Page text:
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-   -   Furnace & Building Guidelines... (http://www.diychatroom.com/f17/furnace-building-guidelines-7139/)

peppie35 03-15-2007 03:05 PM

Furnace & Building Guidelines...
 
Hey Everyone,

I will be refinishing my basement shortly. The furnace is in the middle of the basement I am assuming for a reason, so I won't even bother moving it. But...my question is whether or not there is a guideline as to how close the walls can be to the furnace. Right now it is in a rather large room and I would like to make it smaller to accomodate more bedrooms and would like to know how close I can close the walls in on the furnace.

Thanks for your advice:)

harleyrider 03-15-2007 03:18 PM

1 inch sides and back.............but in the front i would do a minimum of 3 ft..............leave room for us well fed service techs...........and put a good light and a out let in the room.

peppie35 03-15-2007 03:30 PM

Thanks so much! Because of where the furnace is located there would be at least 5ft in front of it...so no worries there...lol. It's only the sides that I want to change anyhow :)

Thanks again!

beer_geek 03-15-2007 05:14 PM

I'm guessing they put it there because that was the easiest place.

pjpjpjpj 03-16-2007 06:13 PM

Something seemingly missing above is this: is it a high-efficiency unit with direct-piped combustion air (easiest way to tell.... are there both inlet, and exhaust flue, pipes)? If so, then you only need to have clearances for access and maintenance as the others posted.

But if it is not - meaning it has a big metal flue up and the intake is from the room around it (is there a slotted "grille" look on the burner section?), then you need to make sure you have proper combustion air for the furnace. Local codes usually prevail, but they are often the same as national codes. The size of the opening required will vary with the amount of gas input BTUHs - the code will say something like "x-square inches of opening per y-thousand BTUHs gas input". Many jurisdictions require one opening "near" the floor (typically 1 foot off the floor) and another "near" the ceiling (1 foot down), but some only require one larger opening, anywhere in the room. In indoor applications, these are usually installed just using typical store-bought "return air grilles" that are used to cover an opening through the wall into the furnace closet. Be sure that you are counting "free space" if you use a grille, and not just the "face area" of the grille (typical residential grilles will be "free" 70%-80% of the face area, commercial grilles even less).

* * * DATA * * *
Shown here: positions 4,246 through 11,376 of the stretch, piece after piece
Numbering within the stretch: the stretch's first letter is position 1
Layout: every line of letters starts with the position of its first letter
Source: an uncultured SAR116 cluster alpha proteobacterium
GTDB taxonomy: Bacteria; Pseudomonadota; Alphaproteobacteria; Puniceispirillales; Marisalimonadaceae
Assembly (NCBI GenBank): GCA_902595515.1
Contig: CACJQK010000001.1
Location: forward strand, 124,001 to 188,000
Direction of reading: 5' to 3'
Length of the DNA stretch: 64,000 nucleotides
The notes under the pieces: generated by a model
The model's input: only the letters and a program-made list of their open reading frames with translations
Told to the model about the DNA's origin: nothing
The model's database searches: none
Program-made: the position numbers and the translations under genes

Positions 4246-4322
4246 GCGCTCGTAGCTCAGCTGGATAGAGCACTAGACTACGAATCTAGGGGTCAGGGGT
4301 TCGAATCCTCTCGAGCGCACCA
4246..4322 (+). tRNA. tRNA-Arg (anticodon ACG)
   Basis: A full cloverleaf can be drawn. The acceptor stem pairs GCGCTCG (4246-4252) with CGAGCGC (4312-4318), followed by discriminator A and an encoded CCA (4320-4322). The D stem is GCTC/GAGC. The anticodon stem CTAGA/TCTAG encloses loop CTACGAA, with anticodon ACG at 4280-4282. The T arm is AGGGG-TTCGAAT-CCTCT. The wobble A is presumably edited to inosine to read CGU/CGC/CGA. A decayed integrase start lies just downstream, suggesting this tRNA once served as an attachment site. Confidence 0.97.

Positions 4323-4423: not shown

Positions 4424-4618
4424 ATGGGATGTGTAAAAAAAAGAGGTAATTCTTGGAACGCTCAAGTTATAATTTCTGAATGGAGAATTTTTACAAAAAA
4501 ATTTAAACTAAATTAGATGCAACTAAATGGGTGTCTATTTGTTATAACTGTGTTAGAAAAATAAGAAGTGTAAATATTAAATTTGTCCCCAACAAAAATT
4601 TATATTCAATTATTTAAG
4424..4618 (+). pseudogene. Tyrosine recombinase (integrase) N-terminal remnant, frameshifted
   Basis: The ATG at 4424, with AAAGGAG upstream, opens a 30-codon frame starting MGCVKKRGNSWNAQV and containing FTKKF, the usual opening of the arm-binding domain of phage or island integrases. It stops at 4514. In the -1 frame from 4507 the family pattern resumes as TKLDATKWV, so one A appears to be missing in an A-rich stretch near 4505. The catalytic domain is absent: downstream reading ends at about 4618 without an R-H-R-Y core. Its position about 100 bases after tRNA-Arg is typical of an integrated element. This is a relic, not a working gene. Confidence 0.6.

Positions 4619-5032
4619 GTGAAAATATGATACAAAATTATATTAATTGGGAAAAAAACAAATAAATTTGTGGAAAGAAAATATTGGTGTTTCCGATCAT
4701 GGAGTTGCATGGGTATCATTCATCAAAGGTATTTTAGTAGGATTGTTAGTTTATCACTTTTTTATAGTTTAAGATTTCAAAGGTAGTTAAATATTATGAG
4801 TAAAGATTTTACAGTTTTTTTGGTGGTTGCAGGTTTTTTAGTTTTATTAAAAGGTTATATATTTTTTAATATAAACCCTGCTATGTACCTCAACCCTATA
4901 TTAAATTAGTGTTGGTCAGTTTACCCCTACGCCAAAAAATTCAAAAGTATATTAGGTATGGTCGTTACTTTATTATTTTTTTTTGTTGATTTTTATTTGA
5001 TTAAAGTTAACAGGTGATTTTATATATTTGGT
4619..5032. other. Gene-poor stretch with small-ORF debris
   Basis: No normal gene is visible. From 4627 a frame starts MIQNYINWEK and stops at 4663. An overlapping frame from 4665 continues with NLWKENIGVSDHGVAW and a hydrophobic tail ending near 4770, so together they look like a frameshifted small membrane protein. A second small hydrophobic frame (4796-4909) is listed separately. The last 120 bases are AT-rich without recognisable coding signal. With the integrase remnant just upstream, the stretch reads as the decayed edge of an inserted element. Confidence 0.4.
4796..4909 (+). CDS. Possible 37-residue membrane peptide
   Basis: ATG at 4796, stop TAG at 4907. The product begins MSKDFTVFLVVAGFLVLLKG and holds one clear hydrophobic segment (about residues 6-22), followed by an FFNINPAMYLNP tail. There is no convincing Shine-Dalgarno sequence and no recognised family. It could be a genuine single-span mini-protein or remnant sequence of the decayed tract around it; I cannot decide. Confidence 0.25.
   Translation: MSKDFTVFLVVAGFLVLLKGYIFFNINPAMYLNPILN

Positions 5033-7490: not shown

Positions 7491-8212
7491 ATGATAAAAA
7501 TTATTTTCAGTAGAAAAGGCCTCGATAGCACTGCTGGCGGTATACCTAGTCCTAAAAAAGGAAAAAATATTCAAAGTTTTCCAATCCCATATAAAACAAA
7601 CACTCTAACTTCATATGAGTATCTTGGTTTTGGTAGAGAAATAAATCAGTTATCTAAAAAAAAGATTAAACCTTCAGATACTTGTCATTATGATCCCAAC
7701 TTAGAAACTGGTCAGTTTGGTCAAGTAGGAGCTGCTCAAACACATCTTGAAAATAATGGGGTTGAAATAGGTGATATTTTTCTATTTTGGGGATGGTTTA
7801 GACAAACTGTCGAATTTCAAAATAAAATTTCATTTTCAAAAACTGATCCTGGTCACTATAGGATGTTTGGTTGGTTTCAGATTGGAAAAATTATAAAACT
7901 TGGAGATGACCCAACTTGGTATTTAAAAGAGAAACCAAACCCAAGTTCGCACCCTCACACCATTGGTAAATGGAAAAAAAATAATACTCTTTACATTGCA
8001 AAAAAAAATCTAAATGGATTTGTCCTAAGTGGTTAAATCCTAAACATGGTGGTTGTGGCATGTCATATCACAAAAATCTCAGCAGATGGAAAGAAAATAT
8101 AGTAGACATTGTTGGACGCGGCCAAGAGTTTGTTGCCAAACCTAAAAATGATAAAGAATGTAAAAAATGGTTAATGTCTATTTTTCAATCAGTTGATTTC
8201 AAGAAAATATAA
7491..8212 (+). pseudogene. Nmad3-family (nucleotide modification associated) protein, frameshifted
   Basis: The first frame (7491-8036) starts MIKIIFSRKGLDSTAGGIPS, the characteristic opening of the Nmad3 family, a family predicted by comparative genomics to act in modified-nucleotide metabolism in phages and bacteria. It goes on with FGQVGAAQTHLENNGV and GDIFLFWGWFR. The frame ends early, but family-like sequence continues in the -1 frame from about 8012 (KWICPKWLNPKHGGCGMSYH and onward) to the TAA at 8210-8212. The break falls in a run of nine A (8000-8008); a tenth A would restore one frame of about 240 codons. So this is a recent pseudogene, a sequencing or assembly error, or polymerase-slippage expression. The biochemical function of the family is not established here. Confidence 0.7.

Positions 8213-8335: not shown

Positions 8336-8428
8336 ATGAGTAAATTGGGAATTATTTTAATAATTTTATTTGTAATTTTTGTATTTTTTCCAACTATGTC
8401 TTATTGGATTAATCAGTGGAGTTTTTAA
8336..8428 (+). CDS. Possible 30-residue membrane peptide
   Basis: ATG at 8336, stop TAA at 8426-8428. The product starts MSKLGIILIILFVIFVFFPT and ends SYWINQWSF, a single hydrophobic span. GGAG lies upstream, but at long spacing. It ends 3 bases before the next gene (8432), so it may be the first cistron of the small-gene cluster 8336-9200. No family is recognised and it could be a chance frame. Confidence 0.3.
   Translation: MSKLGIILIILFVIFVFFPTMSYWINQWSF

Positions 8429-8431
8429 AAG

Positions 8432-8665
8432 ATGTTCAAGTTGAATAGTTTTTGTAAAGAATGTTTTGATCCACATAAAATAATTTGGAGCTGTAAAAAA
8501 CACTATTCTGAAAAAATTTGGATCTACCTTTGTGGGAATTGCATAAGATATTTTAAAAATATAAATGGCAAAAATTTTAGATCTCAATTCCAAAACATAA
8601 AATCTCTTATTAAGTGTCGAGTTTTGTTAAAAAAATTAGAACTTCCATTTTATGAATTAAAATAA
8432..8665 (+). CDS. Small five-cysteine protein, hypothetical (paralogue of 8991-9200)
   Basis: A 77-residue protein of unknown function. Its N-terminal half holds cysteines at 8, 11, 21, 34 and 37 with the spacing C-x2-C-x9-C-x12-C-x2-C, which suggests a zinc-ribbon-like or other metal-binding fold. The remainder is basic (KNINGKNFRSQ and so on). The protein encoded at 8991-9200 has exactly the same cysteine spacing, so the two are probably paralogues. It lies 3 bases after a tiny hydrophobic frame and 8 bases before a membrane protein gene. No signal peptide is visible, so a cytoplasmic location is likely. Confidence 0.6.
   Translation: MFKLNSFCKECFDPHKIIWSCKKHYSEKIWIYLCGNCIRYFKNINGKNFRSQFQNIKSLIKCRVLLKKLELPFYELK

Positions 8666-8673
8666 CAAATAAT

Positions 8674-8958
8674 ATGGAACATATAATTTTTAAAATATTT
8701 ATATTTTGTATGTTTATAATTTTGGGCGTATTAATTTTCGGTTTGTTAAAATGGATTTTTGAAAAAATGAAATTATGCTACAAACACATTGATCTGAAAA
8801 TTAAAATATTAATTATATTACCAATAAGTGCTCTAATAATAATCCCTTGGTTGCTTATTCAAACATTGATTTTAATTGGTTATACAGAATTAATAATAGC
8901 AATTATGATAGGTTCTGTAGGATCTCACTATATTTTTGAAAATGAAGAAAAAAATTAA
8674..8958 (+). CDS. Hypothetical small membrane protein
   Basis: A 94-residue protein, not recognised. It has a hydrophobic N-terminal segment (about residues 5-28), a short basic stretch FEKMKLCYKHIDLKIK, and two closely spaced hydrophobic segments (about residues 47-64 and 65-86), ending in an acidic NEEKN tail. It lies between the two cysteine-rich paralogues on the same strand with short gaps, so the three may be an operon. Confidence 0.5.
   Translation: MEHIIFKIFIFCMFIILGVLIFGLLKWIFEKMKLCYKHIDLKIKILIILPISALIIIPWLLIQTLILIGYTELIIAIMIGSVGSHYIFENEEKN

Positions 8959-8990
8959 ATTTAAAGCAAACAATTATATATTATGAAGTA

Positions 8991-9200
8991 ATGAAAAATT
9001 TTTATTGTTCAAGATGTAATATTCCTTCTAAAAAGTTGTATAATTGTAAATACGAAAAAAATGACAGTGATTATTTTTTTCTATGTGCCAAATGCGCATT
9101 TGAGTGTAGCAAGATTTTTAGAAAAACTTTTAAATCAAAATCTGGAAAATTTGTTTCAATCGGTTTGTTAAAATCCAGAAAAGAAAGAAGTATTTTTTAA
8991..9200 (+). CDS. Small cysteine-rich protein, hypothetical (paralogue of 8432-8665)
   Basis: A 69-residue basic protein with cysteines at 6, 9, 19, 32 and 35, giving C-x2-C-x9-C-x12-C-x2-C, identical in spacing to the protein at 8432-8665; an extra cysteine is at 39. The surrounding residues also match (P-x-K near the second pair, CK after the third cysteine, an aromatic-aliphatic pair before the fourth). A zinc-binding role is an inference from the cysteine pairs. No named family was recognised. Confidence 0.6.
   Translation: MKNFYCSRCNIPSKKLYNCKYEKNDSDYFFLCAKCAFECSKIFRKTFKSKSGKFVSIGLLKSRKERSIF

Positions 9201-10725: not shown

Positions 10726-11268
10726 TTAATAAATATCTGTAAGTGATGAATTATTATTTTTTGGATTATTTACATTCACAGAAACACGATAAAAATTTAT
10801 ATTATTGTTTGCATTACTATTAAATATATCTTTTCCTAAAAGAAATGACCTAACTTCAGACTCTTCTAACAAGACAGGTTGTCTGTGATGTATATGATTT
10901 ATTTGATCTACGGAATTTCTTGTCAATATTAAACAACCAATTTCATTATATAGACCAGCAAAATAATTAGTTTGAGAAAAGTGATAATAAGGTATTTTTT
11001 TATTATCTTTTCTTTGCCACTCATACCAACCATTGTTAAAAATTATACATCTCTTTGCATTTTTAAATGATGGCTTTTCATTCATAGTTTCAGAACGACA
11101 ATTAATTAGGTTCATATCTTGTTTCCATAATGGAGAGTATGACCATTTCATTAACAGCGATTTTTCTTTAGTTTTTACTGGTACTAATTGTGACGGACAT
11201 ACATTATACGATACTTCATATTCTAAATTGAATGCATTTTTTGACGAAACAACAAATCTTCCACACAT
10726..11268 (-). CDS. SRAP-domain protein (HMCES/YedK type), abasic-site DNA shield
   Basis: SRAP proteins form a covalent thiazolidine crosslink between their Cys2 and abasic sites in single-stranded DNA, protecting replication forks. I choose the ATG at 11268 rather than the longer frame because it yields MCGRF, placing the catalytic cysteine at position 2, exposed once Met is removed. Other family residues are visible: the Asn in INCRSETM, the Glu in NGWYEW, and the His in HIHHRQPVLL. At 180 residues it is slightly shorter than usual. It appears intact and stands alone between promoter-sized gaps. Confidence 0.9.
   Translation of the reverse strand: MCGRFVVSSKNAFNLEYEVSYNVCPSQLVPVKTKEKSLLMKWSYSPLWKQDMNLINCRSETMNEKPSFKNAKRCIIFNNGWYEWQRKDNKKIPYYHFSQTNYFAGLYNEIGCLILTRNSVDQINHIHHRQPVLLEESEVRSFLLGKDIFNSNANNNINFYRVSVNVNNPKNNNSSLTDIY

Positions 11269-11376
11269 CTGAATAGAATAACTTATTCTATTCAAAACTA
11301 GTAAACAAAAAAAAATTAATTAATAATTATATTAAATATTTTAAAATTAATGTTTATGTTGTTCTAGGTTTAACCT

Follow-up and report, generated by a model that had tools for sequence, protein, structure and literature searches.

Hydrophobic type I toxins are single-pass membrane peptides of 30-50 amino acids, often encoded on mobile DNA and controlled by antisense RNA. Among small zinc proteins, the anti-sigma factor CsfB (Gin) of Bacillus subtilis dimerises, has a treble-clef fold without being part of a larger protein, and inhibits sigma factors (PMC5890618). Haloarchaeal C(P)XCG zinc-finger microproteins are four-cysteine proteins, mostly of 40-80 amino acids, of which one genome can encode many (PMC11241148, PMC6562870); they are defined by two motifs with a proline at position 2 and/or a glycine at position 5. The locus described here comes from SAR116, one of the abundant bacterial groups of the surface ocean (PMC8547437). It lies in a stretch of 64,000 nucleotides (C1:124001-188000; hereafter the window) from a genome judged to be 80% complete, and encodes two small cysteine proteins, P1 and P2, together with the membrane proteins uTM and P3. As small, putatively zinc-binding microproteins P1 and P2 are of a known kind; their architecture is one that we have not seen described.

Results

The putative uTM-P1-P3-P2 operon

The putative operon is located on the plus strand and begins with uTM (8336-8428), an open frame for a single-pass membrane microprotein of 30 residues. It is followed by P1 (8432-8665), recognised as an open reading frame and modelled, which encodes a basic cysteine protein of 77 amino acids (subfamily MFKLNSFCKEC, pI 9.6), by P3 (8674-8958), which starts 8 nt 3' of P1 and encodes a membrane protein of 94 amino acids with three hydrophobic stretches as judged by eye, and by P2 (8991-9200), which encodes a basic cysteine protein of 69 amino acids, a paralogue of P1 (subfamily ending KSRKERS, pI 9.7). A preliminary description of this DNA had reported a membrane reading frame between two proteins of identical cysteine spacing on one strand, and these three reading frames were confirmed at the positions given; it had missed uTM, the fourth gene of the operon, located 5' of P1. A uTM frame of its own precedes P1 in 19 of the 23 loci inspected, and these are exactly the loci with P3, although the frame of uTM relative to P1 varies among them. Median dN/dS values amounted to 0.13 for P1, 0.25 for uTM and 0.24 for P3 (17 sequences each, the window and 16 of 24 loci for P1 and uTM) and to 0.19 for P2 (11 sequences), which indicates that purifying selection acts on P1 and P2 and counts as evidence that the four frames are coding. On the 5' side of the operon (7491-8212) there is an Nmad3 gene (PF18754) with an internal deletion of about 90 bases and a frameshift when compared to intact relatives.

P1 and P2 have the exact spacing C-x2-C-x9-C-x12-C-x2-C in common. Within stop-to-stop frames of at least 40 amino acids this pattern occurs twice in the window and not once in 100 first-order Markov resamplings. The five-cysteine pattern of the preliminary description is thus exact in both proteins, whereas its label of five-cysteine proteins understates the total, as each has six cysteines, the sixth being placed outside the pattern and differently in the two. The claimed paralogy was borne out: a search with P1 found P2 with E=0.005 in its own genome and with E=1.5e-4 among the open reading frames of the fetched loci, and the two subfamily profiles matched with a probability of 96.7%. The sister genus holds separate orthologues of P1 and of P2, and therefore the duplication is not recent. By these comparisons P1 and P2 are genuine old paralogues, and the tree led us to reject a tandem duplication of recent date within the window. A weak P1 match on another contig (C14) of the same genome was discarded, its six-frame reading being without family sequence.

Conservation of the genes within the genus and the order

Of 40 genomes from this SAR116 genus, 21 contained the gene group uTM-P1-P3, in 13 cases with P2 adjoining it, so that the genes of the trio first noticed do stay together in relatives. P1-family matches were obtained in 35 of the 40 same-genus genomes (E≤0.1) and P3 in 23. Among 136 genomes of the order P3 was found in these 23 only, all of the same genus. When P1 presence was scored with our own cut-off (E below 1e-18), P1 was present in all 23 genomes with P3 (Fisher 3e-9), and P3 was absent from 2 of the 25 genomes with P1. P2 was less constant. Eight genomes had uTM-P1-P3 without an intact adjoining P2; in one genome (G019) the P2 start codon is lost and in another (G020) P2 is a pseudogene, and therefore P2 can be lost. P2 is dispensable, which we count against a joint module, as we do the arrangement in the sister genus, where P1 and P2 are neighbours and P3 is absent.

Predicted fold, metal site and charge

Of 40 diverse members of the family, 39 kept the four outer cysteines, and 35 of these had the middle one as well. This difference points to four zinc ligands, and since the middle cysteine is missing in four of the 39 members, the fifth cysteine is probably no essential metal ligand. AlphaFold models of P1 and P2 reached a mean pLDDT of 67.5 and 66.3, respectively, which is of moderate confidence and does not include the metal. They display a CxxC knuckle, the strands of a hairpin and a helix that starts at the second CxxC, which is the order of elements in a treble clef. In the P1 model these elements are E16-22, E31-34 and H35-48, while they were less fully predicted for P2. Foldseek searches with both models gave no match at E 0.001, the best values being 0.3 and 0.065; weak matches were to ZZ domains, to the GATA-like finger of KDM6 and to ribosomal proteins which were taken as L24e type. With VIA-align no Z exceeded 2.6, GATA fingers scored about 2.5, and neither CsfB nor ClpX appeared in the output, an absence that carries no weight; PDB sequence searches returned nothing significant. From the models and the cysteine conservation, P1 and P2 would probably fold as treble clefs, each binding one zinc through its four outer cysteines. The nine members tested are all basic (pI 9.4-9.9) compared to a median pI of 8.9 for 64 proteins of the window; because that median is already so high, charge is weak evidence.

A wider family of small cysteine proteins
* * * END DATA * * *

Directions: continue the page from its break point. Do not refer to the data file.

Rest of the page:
Once you have these openings in the furnace room, you also have to be sure that you have enough open area in the adjoining space. If you have a certain room volume per BTUH input (not square footage, but multiply it by ceiling height to give volume), then the space is considered "unconfined" and you do not need air ducted from outside.

I know this sounds complicated, but if you do not check this, you risk the furnace having combustion problems, or at least running very inefficiently. Of course, as I stated above, if you have ducted/piped intake air, then you don't have to worry about all of this.

coolmen 03-17-2007 02:14 PM

Whats the furnace btu (size) ? size of basement sq' , whats the chimny look like ?. most often a louvered door to the mechanical room would work for your combustion air to the room. And is very important for the furnace to work properly .


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